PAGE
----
This too is confusing. If you took as much care in your responses here as you presumably do in your scientific papers, discussion would run more smoothly. In the first sentence you contend that the idea of a deceptive God is a response to the Omphalos hypothesis, but later in that sentence and in the next sentence you say that deception is central to the Omphalos hypothesis itself. I can’t tell which you mean. The latter is certainly not true; Gosse presented appearance of age as non-deceptive. The former is true, but it makes the claim of deception external to Omphalos, which falsifies your point.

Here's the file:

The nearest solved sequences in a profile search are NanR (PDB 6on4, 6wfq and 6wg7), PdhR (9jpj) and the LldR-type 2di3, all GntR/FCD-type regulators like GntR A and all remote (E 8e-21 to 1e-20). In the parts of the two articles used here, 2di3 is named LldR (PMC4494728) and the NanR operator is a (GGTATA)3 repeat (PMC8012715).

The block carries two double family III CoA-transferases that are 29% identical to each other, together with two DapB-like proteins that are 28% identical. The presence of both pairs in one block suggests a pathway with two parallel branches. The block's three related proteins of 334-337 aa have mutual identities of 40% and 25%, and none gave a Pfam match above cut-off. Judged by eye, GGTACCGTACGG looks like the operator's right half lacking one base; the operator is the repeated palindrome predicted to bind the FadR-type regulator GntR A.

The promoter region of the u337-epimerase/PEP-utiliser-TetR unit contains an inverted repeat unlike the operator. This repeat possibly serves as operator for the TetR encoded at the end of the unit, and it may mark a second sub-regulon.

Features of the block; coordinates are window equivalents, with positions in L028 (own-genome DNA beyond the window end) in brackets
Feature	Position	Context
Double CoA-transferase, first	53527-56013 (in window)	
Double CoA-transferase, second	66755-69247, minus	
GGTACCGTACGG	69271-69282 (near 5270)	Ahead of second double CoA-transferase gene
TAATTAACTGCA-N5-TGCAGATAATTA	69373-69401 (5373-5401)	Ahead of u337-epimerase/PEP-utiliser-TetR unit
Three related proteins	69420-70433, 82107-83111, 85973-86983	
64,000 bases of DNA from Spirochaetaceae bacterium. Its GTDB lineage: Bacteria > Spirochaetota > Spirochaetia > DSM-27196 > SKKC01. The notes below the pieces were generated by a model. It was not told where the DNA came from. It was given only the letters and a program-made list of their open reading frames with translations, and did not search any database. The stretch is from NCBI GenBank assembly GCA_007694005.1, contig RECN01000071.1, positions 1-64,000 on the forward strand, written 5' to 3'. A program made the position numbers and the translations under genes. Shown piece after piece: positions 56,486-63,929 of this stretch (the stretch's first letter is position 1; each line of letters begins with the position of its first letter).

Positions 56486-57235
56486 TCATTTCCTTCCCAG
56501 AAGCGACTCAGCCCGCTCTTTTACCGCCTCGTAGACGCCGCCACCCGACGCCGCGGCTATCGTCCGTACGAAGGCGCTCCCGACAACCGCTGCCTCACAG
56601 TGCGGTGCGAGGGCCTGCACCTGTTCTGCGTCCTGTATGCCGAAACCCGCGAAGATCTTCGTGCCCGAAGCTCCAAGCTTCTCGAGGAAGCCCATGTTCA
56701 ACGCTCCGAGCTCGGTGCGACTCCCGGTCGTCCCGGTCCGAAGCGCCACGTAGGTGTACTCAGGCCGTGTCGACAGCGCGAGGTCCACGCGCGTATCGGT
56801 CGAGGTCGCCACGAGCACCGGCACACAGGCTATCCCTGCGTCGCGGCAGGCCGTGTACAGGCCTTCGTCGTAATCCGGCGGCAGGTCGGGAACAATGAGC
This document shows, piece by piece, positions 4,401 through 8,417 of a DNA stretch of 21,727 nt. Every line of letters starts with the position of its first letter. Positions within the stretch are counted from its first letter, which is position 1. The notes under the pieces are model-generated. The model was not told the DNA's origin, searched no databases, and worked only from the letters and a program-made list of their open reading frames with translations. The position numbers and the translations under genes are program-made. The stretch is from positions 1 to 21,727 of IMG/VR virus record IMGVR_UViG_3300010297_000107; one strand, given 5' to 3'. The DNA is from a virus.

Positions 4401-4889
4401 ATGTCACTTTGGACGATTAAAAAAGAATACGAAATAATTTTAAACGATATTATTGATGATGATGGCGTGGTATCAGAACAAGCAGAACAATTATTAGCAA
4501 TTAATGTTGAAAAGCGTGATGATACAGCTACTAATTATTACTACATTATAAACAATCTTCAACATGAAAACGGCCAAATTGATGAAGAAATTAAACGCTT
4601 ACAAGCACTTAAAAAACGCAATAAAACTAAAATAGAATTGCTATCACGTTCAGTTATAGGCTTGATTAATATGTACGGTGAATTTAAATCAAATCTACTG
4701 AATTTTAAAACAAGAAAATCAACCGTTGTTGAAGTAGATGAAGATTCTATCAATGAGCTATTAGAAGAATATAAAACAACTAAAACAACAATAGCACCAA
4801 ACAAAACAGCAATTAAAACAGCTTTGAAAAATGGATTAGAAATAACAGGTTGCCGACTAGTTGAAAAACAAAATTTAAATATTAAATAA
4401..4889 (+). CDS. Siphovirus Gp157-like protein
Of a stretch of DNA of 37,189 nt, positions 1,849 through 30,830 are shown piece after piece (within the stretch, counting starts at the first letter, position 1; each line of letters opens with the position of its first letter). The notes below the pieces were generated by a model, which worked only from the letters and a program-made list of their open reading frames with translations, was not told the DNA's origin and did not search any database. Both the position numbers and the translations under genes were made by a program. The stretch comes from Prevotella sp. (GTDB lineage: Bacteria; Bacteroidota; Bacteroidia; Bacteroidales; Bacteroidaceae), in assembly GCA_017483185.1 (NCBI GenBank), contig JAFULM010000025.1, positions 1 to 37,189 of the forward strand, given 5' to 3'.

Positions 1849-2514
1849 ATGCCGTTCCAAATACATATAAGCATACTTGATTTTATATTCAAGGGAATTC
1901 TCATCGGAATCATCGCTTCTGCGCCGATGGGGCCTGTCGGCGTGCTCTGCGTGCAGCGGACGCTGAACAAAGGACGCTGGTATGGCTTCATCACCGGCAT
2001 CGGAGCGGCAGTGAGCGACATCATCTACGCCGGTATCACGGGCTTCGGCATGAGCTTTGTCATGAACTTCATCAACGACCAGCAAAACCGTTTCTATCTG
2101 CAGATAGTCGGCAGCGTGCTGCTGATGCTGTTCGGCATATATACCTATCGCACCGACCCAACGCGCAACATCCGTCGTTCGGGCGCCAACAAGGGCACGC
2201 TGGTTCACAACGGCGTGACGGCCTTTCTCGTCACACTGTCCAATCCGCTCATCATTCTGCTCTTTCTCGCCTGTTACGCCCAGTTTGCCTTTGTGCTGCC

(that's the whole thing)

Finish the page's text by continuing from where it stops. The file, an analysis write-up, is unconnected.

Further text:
This has been said before, but Gosse’s greatest failure (aside from the belief that his idea would satisfy anyone) is that he fails to distinguish necessary appearance of age, required for some kind of function, with unnecessary appearance of age, which can have no other purpose than deception. There really isn’t a lot of necessary appearance of age. Tree rings, for example, have no function. So that’s the real question: is some feature of the reconciliation of the Adam story with the evidence functionally necessary, or is it just there to render creation undistinguishable from evolution? If the former, no deception is implied. If the latter, we should properly conclude that the hypothesis entails deception.